Have you ever tried to improve the way you learn new things? These tips and tricks may be able to help you out.
As you’re learning a new topic, information is coded into memory as facts and details are summarized, packaged and stored by the brain. While the brain is not simply a database where information is stored in the way a computer would, there IS a structure to where and how information is stored in the brain.
When you recall information you learned before, electrical activity in the brain travels between brain cells called neurons on pathways called synapses. These pathways are coated in a substance called myelin that acts to improve the connection along that particular path.
Through this mechanism, the more you recall something the stronger the connections become along the path to that information in your brain. But not all recalling is made equal. The more you struggle to remember, the stronger that connection becomes. It’s preferable to have partially forgotten what you’ve learned and then to recall it if you’re interested in it really sticking.
The concept of delayed recall (remembering after you’ve forgotten partially) underlies learning entirely, and should be focused on as the most effective means of learning information and remembering it in the long term.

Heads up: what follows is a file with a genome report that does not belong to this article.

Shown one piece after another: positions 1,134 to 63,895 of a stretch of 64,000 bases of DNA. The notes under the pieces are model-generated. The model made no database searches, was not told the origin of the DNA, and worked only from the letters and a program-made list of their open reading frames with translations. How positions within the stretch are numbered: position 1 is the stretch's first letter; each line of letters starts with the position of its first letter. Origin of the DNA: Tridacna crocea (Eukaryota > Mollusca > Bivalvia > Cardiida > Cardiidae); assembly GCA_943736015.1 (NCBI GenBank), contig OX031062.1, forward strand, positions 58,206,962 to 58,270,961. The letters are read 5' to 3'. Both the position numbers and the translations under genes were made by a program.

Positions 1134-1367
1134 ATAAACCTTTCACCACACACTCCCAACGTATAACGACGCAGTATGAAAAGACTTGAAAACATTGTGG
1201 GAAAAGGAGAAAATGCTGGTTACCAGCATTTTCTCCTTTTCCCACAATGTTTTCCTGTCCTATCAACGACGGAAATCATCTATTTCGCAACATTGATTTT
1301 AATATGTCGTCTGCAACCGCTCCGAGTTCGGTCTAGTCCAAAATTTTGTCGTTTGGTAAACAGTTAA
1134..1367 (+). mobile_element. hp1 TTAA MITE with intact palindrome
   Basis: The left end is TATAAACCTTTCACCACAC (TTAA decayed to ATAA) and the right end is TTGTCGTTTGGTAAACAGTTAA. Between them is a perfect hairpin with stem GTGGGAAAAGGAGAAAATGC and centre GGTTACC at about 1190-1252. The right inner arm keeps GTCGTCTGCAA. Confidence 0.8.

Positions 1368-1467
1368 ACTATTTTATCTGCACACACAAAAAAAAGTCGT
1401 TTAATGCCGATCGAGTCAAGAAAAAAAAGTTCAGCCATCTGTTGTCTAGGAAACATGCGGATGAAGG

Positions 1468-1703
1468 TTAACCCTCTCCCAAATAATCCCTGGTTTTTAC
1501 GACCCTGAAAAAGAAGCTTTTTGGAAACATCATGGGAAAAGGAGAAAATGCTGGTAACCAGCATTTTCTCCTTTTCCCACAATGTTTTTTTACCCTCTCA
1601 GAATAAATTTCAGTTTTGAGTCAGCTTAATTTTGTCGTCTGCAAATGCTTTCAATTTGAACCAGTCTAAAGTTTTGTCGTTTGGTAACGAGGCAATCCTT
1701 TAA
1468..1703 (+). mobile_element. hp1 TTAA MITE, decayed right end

An effective approach to help with working delayed recall into your study time is to employ interleaving. Interleaving is simply switching between topics (related or unrelated) before you’ve “mastered” them, and cycling back through all the topics as you go along.
As much as you can, as you move through various topics, draw parallels and connections from new information to previous information. This helps to cement the information in your mind and also feeds your imagination, empowering you to think more creatively combining ideas from various topics into novel concepts.
Throughout this interleaving process, stop regularly to quiz yourself. Simple questions about what you just read or summarizing a paragraph in a sentence before moving on are easy, powerful methods of quizzing and keeping things fresh in your mind.
By employing this method of interleaved information consumption broken up by delayed recall in the form of regular quizzing, you can level up your learning and begin to absorb and integrate much more information!
Now get out there and learn something already 🙂